The Centers for Medicare & Medicaid website helps you find answers about Medicare and Medicaid. There are online tools to help you compare and find the best Medicare prescription drug plan for your situation. The CMS also provides contact information for all state health departments. You can then contact your state or county Department of Health and Human Services office for help.

Finding Out Your Eligibility

Read about the federal and state programs before you apply for benefits. Learn about the medical requirements that make you eligible for benefits. Here’s who to contact and tools to help:

Applying for Benefits

Apply for benefits as soon as cancer is diagnosed. The process takes an average of 65 days. SSDI benefits generally do not start for about five months after the date you are found to be eligible.

Talk with your health care provider if you can no longer work or do your job duties. Your health care team may have ideas about changes that could help you continue to work. For example, you might ask your employer to change your work hours or some of your job duties for a time.

If your provider believes you should not work for a while, ask him or her to note this in your medical file. Also, try to get a letter from the provider stating this medical opinion. You can include a copy of this letter when you apply for benefits. Take the following steps to apply:

1. Prepare your case. Read about each benefit program. Understand what is required before you apply. This will help you include the documents that are needed such as medical reports.

2. Read the Listing of Impairments from the SSA. Read about what qualifies you as disabled. The SSA website provides good information about the medical proof that is required.

3. Talk with your health care team about applying for disability benefits. Ask them to write down treatment side effects and physical limitations in your medical records. Tell them about your symptoms. Give examples of how this is affecting your work and personal life. Ask that this be noted in your medical records. This information will be important to the SSA as your medical records are reviewed when you apply for benefits. If your provider believes you should not work for a while, ask him or her to give you a note or letter stating why you should not work at this time.

4. Consider your provider’s opinions and recommendations about your ability to work. If you and your provider do not agree, you can seek other medical opinions. To qualify for benefits, proof of your disability is required from a health care provider.

5. Keep good records. Keep track of all letters, bills and claims information. Also, keep notes about discussions between you and your health care team, the insurer and others. Write down dates, names of people and what was said. These records may be useful if there are questions or concerns in the future. Always keep copies of information received from or sent to insurers and benefit programs.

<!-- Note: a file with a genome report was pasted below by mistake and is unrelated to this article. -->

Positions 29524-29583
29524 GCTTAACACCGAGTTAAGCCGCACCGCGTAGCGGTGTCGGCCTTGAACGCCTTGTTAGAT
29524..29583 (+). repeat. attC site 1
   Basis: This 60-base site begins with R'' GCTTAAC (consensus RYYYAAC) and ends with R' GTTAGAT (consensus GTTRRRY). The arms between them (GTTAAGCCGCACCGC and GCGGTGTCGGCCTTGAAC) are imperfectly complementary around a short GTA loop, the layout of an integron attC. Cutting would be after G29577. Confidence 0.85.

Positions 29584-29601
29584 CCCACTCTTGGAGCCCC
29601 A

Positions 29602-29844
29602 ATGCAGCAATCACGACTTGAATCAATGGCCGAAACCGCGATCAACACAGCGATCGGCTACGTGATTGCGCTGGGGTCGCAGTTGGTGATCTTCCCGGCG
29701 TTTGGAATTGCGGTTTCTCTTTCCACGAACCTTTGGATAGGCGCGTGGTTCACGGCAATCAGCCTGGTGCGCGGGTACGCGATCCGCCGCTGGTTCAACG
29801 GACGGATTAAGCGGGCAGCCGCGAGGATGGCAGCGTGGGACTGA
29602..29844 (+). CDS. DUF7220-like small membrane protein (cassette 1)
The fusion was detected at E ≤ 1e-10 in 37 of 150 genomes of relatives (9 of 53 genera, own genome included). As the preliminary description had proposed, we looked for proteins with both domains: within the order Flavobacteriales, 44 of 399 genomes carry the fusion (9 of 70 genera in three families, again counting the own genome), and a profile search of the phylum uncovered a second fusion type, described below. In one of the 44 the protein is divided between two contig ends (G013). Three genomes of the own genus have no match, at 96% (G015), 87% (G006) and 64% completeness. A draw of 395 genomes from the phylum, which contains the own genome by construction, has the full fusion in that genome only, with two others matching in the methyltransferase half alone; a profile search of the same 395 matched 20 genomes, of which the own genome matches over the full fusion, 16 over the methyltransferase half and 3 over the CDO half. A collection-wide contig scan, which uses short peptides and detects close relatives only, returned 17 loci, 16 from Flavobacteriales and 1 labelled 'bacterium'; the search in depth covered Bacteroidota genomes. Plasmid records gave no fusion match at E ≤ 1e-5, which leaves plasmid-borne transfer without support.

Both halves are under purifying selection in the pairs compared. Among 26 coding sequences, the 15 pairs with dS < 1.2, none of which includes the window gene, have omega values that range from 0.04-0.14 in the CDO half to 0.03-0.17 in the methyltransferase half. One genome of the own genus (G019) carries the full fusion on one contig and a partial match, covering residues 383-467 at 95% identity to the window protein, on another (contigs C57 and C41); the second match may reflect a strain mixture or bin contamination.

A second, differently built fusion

Who Can Help You Apply?

Ask for help if applying for disability benefits seems too difficult. For example, a social worker, friend, loved one or a nonprofit legal services group may be able to help you. You can also contact nonprofit cancer organizations for help with insurance and benefit matters. For example, LIVESTRONG Cancer Navigation Services can guide you through the process of applying for benefits.

You can contact the National Cancer Legal Services Network to locate free legal services to address insurance, employment and financial issues. Also contact Legal Health to get advice and representation.

Tips for Reducing Cost of Care

This video was originally published by Cancer Support Community on September 26, 2018, here.

 

 

 

 

Don’t Drown in Medical Debt

This video was originally published by The SamFund on August 21, 2015, here.

If you’re a young adult with a cancer history, you probably know that feeling in your stomach that you get each time a medical bill shows up, or the phone rings with a collections agency on the other end. As most of us already know well, medical debt can have wide-ranging consequences that negatively impact your credit and your future.
While you may be struggling today, there are steps you can take to reduce and hopefully eventually eliminate that debt entirely! In this Webinar, Monica Bryant, Esq., COO at Triage Cancer will share strategies to: avoid medical debt before you find yourself in over your head, reduce medical debt once it starts to add up, and shift and prioritize your regular expenses.
Additionally, you’ll learn more about resources available to help negotiate medical bills, how credit counseling agencies can be helpful, and why self-advocacy is such an important part of recovering from debt.

Paying for Clinical Trials

This video was originally published by Cancer.gov on September 3, 2019, here.

 

Paying for Clinical Trials

Find a Clinical Trial
Learn about the different types of costs related to taking part in a clinical trial, and who is expected to pay for which costs.

As you think about taking part in a clinical trial, you will face the issue of how to cover the costs of care. There are two types of costs associated with a clinical trial: patient care costs and research costs.

Patient care costs are those costs related to treating your cancer, whether you are in a trial or receiving standard therapy. These costs are often covered by health insurance. They include:

  • Doctor visits
  • Hospital stays
  • Standard cancer treatments
  • Treatments to reduce or eliminate symptoms of cancer or side effects from treatment
  • Lab tests
  • X-rays and other imaging tests

Research costs are those related to taking part in the trial. Often these costs are not covered by health insurance, but they may be covered by the trial’s sponsor. Examples include:

  • The study drug
  • Lab tests performed purely for research purposes
  • Additional x-rays and imaging tests performed solely for the trial

When you take part in a trial, you may have extra doctor visits that you would not have with standard treatment. During these visits your doctor carefully watches for side effects and your safety in the study. These extra visits can add costs for transportation and child care.